ORIGINAL RESEARCH article
Sec. Neural Technology
Volume 15 - 2021 | https://doi.org/10.3389/fnins.2021.733203
Differential Effects of Pathological Beta Burst Dynamics Between Parkinson’s Disease Phenotypes Across Different Movements
- 1Department of Neurology and Neurological Sciences, Stanford University School of Medicine, Stanford, CA, United States
- 2School of Medicine, University of California, Irvine, Irvine, CA, United States
- 3Department of Psychology, University of California, Los Angeles, Los Angeles, CA, United States
- 4Smith-Kettlewell Eye Research Institute, San Francisco, CA, United States
- 5Department of Neurosurgery, Stanford University School of Medicine, Stanford, CA, United States
Background: Resting state beta band (13–30 Hz) oscillations represent pathological neural activity in Parkinson’s disease (PD). It is unknown how the peak frequency or dynamics of beta oscillations may change among fine, limb, and axial movements and different disease phenotypes. This will be critical for the development of personalized closed loop deep brain stimulation (DBS) algorithms during different activity states.
Methods: Subthalamic (STN) and local field potentials (LFPs) were recorded from a sensing neurostimulator (Activa® PC + S, Medtronic PLC.) in fourteen PD participants (six tremor-dominant and eight akinetic-rigid) off medication/off STN DBS during 30 s of repetitive alternating finger tapping, wrist-flexion extension, stepping in place, and free walking. Beta power peaks and beta burst dynamics were identified by custom algorithms and were compared among movement tasks and between tremor-dominant and akinetic-rigid groups.
Results: Beta power peaks were evident during fine, limb, and axial movements in 98% of movement trials; the peak frequencies were similar during each type of movement. Burst power and duration were significantly larger in the high beta band, but not in the low beta band, in the akinetic-rigid group compared to the tremor-dominant group.
Conclusion: The conservation of beta peak frequency during different activity states supports the feasibility of patient-specific closed loop DBS algorithms driven by the dynamics of the same beta band during different activities. Akinetic-rigid participants had greater power and longer burst durations in the high beta band than tremor-dominant participants during movement, which may relate to the difference in underlying pathophysiology between phenotypes.
Exaggerated resting state beta band (13–30 Hz) oscillations and synchrony are pathophysiological markers of hypokinetic aspects of Parkinson’s disease (PD). When averaged over time, these oscillations appear as elevated portions of the local field potential (LFP) power spectral density (PSD) above the broadband 1/f spectrum (He, 2014; Shreve et al., 2017). Beta band power is attenuated on dopaminergic medication and during subthalamic (STN) deep brain stimulation (DBS); the degree of attenuation has been correlated to the degree of improvement in bradykinesia and rigidity, whereas averaged resting state beta band power is less robustly correlated with PD motor signs (Brown et al., 2001; Cassidy et al., 2002; Levy et al., 2002; Williams et al., 2002; Priori et al., 2004; Kühn et al., 2006, 2008, 2009; Weinberger et al., 2006; Ray et al., 2008; Bronte-Stewart et al., 2009; Eusebio et al., 2011; Whitmer et al., 2012; Quinn et al., 2015; Kehnemouyi et al., 2021).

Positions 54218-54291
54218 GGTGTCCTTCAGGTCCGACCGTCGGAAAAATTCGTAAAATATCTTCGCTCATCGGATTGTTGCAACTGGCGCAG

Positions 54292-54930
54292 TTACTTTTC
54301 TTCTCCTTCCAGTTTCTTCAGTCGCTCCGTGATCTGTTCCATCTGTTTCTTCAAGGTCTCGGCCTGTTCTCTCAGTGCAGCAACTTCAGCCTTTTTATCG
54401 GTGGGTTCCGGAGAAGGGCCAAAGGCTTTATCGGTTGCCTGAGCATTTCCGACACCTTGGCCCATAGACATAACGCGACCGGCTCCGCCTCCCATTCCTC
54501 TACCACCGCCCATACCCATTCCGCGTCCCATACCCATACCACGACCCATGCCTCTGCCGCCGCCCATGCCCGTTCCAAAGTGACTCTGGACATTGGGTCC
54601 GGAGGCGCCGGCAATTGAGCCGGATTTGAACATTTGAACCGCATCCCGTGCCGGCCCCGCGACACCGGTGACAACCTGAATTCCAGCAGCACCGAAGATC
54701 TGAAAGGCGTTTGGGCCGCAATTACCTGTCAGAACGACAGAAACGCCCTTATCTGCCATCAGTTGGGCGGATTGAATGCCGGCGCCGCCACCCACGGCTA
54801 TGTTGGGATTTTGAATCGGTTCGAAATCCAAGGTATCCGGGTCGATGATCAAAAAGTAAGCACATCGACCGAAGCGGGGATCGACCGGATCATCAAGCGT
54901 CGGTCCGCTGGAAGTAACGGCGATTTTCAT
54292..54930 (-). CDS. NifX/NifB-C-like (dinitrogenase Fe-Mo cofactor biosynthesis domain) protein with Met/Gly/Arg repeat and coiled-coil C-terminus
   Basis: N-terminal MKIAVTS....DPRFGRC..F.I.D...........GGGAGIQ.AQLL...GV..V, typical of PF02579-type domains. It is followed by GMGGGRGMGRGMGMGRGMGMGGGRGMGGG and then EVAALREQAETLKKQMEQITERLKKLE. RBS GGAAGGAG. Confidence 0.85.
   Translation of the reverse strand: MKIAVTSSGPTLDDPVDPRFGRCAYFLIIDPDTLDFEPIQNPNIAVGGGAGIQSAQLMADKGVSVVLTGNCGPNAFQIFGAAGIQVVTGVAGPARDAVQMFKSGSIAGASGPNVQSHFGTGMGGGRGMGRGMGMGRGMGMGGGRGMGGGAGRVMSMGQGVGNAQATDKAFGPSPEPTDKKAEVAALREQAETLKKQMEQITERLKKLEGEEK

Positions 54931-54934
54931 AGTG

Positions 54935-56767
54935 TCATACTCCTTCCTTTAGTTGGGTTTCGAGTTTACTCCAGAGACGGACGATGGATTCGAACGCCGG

Recently, it has been shown that physiological resting state beta oscillations are represented by short duration fluctuations in power (beta bursts) in the striatum and cortex of healthy non-human primates (Feingold et al., 2015). These authors suggested that the precise temporal dynamics of beta bursts may be more reliable markers of PD than averaging beta activity over periods of time. Burst dynamics in PD have been studied during rest (Tinkhauser et al., 2017; Anderson et al., 2020), but less is known about real time beta burst dynamics during movement and whether beta burst dynamics differ during fine motor or limb movements and/or during gait and freezing of gait (FOG) (Anidi et al., 2018; Lofredi et al., 2019; Kehnemouyi et al., 2021). The duration of beta bursts is a relevant neural control variable for closed loop DBS systems, which can precisely target (shorten) the duration of beta bursts, but it is not known how this variable may change among movements which may necessitate a different response from a closed-loop algorithm (Petrucci et al., 2020a).